So for years I read a lot of science fiction, and wrote a lot of science fiction, but there was one writer who always scared me: Philip K. Dick. I thought he would be too "out there" for me, that his alternate worlds and shifting realities would make my head hurt.

One day, while doing laundry, I headed into that tiny SF bookstore. This time, at the end of the narrow hall, I picked up an almost-crumbling issue of Fantasy & Science Fiction. There was a short story called "We Can Remember It for You Wholesale." Wonderful title. And it was by Philip K. Dick. I bit the bullet, stood there and read it.

Okay, I was hooked. It was so imaginative, and funny, and had so twists and turns -- a bit dizzying, but it didn't make my head hurt. It has to do with implanted memories, and suppressed memories, and people who are not who they say they are. That story, later the basis for the Arnold Schwarzenegger movie Total Recall and the Colin Farrell 2012 remake of the same title, has inspired me to this day.

My new book, A Trick of the Light, is about a 15-year-old boy, Mike Welles, who develops an eating disorder. He has a voice in his head. This voice urges him on to destructive behavior. It tells him not to eat when he is famished. It tells him to exercise when he is exhausted. It tells him to reject the people who love him, because they are not trustworthy. This voice is the narrator of the book.

When I started writing A Trick of the Light, it was a more conventional narrative. Mike, from the beginning, had a voice in his head, which interrupted his thoughts and actions, but Mike told his own story. As the novel deepened and got more complicated, the voice became more of a presence and took up more "air time." Finally, in one of many rewrites, it became the narrator.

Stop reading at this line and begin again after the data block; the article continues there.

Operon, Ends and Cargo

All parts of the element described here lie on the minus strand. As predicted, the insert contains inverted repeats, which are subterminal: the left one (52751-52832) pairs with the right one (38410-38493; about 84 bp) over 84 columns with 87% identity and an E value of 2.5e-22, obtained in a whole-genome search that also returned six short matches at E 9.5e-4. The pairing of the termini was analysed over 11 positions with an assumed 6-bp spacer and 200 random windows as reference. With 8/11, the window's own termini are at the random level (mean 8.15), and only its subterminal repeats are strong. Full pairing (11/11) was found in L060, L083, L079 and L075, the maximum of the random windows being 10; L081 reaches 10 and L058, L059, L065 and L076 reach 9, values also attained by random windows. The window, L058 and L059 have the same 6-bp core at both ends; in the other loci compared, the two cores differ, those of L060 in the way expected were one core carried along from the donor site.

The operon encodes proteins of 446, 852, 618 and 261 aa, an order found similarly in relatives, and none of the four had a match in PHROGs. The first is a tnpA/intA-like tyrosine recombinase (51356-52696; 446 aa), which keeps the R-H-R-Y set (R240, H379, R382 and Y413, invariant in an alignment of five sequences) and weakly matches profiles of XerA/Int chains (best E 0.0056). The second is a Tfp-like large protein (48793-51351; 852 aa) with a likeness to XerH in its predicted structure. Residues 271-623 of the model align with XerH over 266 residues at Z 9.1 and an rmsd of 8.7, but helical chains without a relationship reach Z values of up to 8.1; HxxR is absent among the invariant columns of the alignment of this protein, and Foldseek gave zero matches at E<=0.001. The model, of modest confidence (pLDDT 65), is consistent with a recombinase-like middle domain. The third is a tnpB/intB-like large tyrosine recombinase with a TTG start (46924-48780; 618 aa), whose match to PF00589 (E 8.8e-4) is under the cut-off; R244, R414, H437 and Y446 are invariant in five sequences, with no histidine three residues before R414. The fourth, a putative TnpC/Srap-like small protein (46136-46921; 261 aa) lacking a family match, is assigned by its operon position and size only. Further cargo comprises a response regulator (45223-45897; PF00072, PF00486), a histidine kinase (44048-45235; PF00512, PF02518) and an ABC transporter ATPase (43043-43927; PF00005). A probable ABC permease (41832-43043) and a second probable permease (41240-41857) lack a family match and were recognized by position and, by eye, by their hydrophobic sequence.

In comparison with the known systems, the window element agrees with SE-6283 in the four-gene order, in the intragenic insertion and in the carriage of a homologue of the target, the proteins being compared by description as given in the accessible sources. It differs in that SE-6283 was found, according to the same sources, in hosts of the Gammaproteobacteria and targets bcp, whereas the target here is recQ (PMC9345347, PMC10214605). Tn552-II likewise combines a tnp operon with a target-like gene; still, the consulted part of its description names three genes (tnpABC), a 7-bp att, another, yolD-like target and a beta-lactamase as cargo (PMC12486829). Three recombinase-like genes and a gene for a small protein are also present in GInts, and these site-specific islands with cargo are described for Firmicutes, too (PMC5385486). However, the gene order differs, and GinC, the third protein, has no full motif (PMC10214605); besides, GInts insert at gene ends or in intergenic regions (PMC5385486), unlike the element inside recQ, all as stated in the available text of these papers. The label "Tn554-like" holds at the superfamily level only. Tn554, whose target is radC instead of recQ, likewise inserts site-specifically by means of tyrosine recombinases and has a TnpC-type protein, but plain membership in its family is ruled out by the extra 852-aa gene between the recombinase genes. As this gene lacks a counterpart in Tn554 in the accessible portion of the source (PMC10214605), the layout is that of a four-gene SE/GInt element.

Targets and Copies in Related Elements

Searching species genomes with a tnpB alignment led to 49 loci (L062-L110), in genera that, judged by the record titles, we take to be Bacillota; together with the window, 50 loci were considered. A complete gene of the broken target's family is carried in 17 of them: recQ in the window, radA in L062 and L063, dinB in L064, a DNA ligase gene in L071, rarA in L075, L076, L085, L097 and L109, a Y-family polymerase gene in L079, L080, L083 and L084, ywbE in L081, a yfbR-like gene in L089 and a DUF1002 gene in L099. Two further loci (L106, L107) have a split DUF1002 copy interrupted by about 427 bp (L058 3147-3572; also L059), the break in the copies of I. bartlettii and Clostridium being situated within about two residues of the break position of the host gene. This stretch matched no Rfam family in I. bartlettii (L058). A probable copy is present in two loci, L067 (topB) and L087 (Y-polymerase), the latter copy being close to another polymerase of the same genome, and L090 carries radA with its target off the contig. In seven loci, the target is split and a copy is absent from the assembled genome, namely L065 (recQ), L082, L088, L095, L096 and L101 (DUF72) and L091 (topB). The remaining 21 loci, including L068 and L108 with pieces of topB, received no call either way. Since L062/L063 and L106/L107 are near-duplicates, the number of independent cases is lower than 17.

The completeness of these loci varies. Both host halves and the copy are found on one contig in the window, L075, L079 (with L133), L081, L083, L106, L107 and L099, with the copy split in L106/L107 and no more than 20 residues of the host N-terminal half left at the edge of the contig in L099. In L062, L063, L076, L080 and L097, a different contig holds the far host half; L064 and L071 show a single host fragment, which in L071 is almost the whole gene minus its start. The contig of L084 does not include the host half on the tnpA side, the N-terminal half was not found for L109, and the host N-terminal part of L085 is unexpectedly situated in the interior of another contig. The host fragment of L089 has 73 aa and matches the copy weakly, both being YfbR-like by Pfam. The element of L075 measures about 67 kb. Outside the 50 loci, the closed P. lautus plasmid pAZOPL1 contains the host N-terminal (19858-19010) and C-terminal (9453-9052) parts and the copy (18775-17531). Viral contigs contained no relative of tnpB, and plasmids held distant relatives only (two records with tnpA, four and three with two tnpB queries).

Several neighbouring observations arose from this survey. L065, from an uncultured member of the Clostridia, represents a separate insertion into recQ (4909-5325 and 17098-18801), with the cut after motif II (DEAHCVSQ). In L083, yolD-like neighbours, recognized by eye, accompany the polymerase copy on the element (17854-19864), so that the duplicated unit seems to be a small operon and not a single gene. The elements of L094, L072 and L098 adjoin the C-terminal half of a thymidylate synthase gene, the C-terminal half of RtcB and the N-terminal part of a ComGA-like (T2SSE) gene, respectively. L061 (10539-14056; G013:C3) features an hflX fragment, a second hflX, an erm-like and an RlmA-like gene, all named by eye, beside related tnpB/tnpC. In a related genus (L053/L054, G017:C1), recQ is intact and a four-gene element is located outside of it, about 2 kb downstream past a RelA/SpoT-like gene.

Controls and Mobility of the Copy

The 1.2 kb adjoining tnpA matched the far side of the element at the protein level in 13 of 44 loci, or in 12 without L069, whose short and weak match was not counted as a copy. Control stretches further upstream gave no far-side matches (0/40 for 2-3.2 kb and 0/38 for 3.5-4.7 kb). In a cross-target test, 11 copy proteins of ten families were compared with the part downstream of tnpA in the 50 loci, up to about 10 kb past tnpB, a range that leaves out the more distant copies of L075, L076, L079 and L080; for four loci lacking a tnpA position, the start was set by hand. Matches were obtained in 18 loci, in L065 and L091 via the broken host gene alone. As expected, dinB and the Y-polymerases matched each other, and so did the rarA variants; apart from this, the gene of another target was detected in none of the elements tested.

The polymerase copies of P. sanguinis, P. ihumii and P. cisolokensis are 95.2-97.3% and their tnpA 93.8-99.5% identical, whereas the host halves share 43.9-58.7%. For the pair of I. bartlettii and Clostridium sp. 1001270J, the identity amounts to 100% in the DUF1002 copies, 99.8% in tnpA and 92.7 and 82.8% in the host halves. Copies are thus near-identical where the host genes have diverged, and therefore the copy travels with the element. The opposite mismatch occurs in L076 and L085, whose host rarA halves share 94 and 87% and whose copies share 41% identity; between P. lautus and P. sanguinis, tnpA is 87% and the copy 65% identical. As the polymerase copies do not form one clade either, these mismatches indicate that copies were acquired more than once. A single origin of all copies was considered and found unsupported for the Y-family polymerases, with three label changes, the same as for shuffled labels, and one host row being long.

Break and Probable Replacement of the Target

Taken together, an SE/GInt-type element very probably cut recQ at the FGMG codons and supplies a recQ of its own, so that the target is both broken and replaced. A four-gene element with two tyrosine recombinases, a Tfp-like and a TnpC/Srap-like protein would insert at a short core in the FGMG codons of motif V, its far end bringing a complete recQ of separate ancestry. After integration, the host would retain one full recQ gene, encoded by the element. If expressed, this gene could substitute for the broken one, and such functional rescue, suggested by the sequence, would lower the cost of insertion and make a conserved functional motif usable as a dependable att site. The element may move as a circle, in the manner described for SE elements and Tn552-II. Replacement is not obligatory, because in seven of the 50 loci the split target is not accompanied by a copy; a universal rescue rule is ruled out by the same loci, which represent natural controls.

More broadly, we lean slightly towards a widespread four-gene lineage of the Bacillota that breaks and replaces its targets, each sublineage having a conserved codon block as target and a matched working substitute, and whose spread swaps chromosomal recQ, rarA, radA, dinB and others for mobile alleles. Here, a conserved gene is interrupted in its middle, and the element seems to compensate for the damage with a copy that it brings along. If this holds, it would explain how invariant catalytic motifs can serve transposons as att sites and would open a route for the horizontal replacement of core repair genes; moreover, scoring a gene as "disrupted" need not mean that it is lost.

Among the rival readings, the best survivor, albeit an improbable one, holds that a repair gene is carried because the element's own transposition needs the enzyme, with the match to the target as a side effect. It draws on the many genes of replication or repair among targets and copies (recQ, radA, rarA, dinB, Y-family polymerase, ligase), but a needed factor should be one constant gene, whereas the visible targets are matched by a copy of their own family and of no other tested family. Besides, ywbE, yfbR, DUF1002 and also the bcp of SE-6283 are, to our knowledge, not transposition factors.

It occurred to me that this was kind of strange, to have the voice in someone's head be the narrator of a book. But I had read a lot of Philip K. Dick by then, including what's now my favorite of his, Time Out of Joint, about a man living in a totally fake environment (though it appears to be an ordinary, dull-as-dishwater suburb), surrounded by people who are all "in on it." So I figured, strange is okay. Strange is good. Strange is what makes the alternate world go round. I had found the way to tell Mike's story.

© 2013 Lois Metzger, author of A Trick of the Light

Author Bio
Lois Metzger,
 author of A Trick of the Light, was born in Queens and has always written for young adults. She is the author of three previous novels and two nonfiction books about the Holocaust, and she has edited five anthologies. Her short stories have appeared in collections all over the world. Her writing has also appeared in The New Yorker, The Nation, and Harper's Bazaar. She lives in Greenwich Village with her husband and son.

For more information please visit http://www.loismetzger.com, and follow the author on Facebook